Diabetes management with oral health, the correlation between these two terms is important to understand now. A new study found an overall reduction in dental visits among adults with and without diabetes.
Diabetics visit the dentist less frequently, according to a study from New York University and East Carolina University. People with diabetes were particularly least likely to get oral health care, the study added.
Research has discovered a two-way relationship between diabetes and oral health that is diabetes management with oral health. It says people with diabetes are more likely to develop a risk for periodontal disease is the infections of the structures around the teeth which include the gums and surrounding tissue and the alveolar bone, while periodontal disease has an unfavorable impact on blood glucose control which can be responsible for the progression of diabetes.
For the findings, the study analyzed the progress of annual dental visits from 2004 to 2014 in adults with diabetes, without diabetes, and prediabetes. The study found that the ratio of annual dental visits between the year 2004 to 2014 was declined from 66.1 percent to 61.4 percent among people with diabetes, 71.9 percent to 66.5 percent among people without, and 66 percent to 64.9 percent among people with prediabetes.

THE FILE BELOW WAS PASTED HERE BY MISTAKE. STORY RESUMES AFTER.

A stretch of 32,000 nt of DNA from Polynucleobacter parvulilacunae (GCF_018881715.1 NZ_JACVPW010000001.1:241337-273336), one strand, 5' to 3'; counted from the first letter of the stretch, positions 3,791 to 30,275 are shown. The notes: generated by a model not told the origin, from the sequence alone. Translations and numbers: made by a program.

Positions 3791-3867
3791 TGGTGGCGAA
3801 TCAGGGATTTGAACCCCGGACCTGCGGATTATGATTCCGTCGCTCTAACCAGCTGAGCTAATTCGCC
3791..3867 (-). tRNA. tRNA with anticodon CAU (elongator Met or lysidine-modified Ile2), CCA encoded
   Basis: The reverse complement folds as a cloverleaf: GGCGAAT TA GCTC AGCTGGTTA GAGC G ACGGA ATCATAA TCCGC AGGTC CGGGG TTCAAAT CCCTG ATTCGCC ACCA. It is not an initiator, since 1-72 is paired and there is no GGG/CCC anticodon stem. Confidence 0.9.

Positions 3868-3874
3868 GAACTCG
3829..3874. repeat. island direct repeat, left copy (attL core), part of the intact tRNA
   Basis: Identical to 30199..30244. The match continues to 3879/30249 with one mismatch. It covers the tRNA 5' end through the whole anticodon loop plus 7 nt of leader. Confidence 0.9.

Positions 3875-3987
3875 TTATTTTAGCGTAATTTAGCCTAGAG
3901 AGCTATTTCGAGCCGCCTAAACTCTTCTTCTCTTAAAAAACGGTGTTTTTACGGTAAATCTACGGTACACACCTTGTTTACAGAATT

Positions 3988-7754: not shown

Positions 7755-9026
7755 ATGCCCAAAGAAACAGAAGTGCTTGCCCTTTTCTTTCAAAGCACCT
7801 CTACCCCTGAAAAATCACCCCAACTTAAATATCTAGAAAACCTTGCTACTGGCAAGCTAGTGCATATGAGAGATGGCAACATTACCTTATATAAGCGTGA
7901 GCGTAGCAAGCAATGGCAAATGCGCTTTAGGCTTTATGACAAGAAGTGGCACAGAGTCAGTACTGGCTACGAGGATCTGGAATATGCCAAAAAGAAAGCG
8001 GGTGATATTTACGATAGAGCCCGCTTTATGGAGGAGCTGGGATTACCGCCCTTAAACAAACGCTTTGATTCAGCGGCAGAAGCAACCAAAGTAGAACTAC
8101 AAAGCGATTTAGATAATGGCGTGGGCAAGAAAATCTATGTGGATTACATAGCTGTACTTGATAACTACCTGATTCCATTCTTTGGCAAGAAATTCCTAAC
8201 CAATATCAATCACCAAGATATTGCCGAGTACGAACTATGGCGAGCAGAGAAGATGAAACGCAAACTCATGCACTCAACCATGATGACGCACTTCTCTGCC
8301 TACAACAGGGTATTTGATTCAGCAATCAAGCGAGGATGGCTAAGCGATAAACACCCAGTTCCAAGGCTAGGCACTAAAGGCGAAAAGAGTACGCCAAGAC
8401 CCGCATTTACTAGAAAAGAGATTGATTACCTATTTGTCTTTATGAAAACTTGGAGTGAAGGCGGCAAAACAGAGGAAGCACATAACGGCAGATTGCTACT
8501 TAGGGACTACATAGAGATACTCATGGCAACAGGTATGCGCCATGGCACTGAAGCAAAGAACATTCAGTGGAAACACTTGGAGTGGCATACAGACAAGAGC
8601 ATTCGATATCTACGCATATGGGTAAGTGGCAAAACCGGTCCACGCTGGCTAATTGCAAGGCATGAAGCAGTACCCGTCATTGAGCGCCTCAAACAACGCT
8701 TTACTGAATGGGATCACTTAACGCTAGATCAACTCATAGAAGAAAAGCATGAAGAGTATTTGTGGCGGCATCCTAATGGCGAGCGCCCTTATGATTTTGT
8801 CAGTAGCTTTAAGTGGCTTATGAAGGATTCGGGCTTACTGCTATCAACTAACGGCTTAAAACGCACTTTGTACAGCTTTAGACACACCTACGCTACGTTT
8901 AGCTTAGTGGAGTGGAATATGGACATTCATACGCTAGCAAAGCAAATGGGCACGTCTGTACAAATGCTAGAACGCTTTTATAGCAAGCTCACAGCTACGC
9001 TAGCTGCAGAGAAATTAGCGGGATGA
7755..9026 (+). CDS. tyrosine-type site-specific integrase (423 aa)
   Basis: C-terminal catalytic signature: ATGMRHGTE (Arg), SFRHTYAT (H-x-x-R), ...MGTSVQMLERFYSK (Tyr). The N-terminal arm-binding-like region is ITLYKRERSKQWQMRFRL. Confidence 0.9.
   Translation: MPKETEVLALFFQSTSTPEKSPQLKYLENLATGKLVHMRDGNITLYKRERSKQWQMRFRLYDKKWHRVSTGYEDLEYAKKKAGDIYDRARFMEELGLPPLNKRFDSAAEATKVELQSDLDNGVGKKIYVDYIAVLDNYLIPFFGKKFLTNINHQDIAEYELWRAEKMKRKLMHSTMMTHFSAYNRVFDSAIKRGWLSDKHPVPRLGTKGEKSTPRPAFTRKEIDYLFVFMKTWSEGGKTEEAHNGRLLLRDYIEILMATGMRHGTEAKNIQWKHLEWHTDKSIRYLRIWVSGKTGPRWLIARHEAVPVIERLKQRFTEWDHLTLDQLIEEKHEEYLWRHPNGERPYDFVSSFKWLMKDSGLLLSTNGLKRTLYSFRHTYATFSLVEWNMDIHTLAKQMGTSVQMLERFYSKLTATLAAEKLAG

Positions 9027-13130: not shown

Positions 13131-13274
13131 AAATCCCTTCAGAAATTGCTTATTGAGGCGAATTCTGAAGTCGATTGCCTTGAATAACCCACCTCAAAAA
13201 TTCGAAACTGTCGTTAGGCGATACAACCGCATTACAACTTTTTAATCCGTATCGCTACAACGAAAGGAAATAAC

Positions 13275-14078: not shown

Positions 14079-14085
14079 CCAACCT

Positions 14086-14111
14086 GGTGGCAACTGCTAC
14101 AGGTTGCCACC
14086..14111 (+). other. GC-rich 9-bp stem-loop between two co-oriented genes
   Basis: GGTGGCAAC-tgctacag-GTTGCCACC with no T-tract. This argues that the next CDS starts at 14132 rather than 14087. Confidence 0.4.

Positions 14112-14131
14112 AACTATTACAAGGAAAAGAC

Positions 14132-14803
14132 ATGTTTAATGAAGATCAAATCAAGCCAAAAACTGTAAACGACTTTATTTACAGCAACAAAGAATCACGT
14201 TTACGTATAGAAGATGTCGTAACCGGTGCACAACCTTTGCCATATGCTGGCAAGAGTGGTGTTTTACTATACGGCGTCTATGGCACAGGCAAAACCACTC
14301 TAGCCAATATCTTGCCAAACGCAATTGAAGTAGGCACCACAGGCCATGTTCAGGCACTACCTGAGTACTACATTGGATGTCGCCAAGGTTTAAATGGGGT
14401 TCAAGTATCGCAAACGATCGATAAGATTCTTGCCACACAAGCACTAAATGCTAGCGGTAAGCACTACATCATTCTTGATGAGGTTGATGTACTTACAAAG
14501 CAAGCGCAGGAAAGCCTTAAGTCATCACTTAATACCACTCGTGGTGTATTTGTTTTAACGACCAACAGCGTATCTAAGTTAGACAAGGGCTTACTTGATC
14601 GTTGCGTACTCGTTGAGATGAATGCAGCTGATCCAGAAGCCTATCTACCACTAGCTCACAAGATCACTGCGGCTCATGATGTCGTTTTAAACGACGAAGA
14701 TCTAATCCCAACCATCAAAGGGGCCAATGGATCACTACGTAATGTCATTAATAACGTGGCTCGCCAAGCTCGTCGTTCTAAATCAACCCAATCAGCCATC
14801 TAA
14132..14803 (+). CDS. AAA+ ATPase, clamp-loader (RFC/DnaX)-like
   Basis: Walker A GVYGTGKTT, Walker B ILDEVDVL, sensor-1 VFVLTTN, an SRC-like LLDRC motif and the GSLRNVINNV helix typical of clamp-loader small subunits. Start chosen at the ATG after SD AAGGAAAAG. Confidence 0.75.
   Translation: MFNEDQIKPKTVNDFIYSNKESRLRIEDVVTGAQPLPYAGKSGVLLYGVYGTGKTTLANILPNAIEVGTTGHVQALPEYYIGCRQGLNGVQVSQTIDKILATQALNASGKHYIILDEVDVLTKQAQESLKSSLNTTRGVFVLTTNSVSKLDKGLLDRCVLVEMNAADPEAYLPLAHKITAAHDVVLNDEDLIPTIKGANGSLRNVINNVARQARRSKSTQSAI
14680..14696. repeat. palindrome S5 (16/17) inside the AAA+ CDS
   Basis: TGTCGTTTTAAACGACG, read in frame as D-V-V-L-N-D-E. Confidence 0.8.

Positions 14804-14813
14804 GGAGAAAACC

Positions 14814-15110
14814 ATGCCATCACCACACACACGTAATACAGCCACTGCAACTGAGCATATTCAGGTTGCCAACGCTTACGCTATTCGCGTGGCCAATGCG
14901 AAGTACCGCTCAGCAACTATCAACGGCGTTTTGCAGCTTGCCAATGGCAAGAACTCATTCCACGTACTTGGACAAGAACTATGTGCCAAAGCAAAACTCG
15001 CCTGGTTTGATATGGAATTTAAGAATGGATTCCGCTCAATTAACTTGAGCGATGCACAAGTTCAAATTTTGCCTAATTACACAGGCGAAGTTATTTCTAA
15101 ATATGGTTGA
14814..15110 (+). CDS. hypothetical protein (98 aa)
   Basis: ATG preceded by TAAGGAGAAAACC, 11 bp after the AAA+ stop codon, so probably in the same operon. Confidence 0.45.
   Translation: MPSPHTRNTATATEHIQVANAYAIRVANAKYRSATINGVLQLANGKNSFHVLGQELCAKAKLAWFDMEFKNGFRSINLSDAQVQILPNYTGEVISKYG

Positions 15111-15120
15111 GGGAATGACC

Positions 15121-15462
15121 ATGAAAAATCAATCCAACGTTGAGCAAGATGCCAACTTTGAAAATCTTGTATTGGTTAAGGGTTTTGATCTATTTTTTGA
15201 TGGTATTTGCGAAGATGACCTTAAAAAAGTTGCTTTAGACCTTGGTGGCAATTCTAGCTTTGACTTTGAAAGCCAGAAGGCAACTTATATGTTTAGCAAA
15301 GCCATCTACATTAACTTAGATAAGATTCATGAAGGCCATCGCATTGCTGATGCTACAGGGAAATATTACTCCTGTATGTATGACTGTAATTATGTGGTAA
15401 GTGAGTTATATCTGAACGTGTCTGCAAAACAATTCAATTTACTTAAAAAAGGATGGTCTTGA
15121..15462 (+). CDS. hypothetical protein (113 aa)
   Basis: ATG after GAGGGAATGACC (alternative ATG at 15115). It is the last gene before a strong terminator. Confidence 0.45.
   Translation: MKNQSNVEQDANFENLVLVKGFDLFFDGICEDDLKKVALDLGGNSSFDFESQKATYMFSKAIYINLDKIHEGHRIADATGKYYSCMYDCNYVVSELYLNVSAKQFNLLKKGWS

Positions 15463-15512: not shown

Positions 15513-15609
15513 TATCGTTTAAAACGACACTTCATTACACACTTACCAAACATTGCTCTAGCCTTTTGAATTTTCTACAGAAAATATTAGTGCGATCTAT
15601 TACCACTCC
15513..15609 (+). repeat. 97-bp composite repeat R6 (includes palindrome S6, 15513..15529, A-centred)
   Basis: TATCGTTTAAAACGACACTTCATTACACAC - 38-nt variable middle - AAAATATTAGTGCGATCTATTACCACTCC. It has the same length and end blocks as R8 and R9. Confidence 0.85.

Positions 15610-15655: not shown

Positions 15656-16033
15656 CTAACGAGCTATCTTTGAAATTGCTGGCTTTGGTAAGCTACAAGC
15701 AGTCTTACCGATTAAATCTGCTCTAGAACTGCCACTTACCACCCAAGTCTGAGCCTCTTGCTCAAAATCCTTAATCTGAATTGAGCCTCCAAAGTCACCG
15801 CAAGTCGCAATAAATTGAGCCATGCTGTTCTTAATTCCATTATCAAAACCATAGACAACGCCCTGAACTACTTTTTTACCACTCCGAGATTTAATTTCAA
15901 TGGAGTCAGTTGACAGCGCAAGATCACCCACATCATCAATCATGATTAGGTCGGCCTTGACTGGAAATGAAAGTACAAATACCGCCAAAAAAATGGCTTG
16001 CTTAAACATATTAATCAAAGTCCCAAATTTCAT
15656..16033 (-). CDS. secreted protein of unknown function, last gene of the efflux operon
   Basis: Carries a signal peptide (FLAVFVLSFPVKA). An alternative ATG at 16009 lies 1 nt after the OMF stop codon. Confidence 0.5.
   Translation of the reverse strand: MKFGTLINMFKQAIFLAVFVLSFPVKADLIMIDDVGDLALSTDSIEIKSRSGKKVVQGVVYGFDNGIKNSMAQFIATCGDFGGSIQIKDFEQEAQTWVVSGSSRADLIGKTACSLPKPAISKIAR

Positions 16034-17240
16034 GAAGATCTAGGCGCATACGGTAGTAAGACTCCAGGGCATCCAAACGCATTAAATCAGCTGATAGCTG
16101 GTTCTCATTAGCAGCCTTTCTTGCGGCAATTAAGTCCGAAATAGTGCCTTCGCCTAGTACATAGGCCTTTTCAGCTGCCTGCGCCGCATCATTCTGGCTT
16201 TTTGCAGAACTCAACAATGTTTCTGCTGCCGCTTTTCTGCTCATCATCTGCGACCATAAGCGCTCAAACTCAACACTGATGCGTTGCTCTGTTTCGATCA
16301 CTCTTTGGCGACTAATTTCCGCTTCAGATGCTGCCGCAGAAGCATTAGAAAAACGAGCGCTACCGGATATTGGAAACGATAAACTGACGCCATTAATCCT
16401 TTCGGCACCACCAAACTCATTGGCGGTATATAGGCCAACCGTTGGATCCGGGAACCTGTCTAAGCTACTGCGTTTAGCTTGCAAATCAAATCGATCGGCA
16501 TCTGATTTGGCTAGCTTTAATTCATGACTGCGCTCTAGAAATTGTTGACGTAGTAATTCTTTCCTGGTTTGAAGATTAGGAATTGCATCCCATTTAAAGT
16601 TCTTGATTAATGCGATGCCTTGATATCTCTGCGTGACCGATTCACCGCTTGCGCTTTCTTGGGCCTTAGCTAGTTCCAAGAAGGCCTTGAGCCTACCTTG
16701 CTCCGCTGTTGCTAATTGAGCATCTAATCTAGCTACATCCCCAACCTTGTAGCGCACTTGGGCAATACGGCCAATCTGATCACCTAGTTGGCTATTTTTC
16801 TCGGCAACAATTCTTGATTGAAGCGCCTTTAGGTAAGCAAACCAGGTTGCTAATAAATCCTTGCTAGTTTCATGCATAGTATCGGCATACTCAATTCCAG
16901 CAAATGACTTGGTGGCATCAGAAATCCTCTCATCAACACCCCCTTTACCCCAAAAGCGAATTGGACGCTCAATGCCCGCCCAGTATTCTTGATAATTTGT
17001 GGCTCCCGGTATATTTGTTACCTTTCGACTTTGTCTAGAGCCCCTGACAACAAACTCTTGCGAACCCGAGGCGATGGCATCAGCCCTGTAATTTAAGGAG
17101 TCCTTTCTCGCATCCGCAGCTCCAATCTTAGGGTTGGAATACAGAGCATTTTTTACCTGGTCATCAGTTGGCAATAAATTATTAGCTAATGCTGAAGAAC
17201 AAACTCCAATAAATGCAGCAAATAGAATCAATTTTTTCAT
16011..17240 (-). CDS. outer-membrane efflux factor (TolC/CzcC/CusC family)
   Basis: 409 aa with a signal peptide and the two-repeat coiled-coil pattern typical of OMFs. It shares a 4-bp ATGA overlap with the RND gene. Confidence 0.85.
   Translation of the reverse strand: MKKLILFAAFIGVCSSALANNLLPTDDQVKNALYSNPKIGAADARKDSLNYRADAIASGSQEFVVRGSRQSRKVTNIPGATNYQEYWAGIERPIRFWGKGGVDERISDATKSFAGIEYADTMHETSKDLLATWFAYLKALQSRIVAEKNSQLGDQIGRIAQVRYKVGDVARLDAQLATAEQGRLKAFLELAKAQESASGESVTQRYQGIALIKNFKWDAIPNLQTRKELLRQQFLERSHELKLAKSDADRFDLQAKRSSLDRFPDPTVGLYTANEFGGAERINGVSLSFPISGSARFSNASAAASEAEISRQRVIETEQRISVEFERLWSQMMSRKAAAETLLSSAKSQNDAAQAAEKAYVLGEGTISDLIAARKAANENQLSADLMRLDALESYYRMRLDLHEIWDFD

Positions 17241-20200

“For people living with diabetes, regular dental check-ups – paired with proactive dental and diabetes self-care – are important for maintaining good oral health. Regular dental visits provide opportunities for prevention, early detection, and treatment of periodontal disease, which can potentially help with blood glucose control and preventing complications from diabetes,” said study’s senior author, Bei Wu.